Age is one of the factors that could affect the concentration of Fg in blood. Level of Fg tends to increase with age, and it is known that average plasma concentrations of Fg are higher in females (3.5 g/L) compared to that in males (3.3 g/L) [47][48]. Although it is statistically significant, the clinical significance of this difference is debatable. Interestingly, smokers show higher average plasma concentrations than non-smokers [47] and exposure to traffic pollutants is also associated with higher Fg concentrations [39]. This might be due to particles deposited in the lungs inducing alveolar inflammation. Various factors such as age, obesity, physical activity, and a disease status have been reported to elevate Fg concentration [47]. The influence of diet on the Fg level in plasma is only modest, with patients with high lipid levels having high levels of Fg, however consumption of fish oil and moderate consumption of alcohol are associated with lower Fg level [37].
    It has been well documented that Fg levels are positively correlated with metabolic syndrome [47]. Metabolic syndrome is characterized by the presence of abdominal obesity, atherogenic dyslipidemia, raised blood pressure, presence of insulin resistance, and prothrombic and inflammatory states that predispose to cardiovascular diseases [49]. Since these risk factors are also common for patients that suffer from chronic obstructive pulmonary disease (COPD), it is not surprising that blood level of Fg is found to be positively correlated with the development and severity of COPD, COPD-related hospitalization, and increased risk of the resultant death [50].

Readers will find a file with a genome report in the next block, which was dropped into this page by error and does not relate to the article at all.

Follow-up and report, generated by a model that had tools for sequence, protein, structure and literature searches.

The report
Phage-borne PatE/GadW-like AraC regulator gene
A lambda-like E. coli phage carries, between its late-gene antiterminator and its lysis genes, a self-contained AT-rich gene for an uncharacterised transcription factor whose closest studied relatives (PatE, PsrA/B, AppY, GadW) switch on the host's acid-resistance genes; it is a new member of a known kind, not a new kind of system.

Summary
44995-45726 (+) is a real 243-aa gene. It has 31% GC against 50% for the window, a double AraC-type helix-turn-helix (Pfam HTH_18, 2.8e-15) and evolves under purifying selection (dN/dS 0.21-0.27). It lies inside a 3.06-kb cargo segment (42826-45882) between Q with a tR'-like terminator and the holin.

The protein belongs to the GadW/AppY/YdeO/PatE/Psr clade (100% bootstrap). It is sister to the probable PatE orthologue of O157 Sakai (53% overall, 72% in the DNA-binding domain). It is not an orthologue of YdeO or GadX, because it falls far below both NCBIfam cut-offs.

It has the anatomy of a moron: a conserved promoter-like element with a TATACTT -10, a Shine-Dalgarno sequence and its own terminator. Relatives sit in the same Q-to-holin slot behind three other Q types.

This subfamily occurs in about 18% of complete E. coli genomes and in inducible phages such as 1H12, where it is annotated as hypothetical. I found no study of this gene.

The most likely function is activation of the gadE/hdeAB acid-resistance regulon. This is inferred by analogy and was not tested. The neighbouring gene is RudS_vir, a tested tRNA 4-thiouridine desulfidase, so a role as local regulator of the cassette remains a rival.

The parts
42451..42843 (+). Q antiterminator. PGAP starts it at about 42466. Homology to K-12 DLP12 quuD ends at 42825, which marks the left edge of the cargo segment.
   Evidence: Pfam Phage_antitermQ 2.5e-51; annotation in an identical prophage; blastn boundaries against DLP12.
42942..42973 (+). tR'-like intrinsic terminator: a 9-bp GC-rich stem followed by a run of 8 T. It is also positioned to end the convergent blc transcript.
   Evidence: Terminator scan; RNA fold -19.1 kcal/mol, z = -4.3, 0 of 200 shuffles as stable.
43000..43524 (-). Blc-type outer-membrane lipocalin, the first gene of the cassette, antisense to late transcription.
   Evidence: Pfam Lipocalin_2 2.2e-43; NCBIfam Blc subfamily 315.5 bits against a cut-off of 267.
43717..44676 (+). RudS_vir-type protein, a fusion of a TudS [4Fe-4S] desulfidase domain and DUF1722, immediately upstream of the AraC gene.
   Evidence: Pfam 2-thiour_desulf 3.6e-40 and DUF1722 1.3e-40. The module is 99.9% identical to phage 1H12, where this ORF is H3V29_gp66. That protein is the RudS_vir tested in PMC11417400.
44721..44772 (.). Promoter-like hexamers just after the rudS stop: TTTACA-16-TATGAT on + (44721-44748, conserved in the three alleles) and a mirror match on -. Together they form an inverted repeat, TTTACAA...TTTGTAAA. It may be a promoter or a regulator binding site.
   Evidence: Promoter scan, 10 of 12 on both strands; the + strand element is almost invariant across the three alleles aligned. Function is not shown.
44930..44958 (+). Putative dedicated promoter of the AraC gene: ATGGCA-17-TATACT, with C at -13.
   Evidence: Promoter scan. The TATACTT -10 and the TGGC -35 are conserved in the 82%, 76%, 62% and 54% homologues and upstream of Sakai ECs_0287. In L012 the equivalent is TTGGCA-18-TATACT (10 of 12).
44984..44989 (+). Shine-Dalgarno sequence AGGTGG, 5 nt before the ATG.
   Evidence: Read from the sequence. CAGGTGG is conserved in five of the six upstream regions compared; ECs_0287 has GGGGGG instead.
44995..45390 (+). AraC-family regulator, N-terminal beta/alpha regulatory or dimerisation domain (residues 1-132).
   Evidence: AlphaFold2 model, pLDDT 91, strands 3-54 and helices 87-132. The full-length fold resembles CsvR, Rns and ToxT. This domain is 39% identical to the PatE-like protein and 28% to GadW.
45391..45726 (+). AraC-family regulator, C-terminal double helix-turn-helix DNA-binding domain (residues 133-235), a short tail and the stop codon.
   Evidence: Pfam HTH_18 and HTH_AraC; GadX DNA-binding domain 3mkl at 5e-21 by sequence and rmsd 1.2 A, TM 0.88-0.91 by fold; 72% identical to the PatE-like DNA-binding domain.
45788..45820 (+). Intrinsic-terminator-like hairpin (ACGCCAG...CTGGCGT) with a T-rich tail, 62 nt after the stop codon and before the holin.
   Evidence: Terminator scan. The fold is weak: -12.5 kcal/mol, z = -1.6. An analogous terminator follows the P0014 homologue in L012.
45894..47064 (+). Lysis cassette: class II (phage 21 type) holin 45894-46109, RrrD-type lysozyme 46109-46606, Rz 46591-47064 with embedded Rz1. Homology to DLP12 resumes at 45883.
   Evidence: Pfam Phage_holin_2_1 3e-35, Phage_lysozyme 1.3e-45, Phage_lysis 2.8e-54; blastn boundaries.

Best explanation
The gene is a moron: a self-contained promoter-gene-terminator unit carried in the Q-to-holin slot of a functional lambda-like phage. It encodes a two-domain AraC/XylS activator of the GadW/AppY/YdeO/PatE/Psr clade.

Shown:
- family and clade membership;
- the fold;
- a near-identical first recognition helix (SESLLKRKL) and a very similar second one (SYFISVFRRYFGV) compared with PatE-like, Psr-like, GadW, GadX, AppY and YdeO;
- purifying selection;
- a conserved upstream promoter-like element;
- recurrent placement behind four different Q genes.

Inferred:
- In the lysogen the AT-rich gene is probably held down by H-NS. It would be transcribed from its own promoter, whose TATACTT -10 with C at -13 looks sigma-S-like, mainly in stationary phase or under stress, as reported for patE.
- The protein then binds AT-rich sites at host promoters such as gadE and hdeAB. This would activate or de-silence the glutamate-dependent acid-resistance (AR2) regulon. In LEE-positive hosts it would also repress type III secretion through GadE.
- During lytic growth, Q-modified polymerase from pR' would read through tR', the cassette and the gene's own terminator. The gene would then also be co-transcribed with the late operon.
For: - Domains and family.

Although it is known that the singular chains of Fg do not circulate in blood [21], FGA precursor protein has been found in cerebrospinal fluid (CSF) collected from human patients [51]. The FGA precursor was found at a higher level in patients with Alzheimer’s Disease (AD) compared to that in patients diagnosed with mild cognitive impairment and age-matched normal controls [51]. The level of FGA precursor was positively correlated with the severity of cognitive impairment with its highest concentration seen in the group of patients demonstrating severe impairment of memory and cognition [51]. Although it is proposed as a good source of the biomarker (FGA) for the severity of cognitive impairment in AD patients, the procedure to collect CSF samples is too invasive and painful to make it practical. Fg, in an amount ranging from 0.002 to 0.008 g/L was detected in the CSF of patients with brain disorders including bacterial or viral meningitis, Guillain-Barré, and major depressive disorder has been documented [52]. How Fg and the FGA precursor enter the CSF remains unclear.
    Thrombosis can be defined as an increased hemostatic response that results in the formation of an occlusive blood clot and the obstruction of blood flow in vasculature. Whereas inflammation is characterized by the complex protective immune response to harmful stimuli [53]. Cancer is an inflammatory disease where, in most cases, plasma Fg is increased, and the patients have a higher risk of developing thrombosis. In general, this occurs due to increased blood viscosity, the resultant activation of endothelial cells, and platelet thrombogenic properties. The functional interdependence of thrombosis and inflammation are well-recognized [53].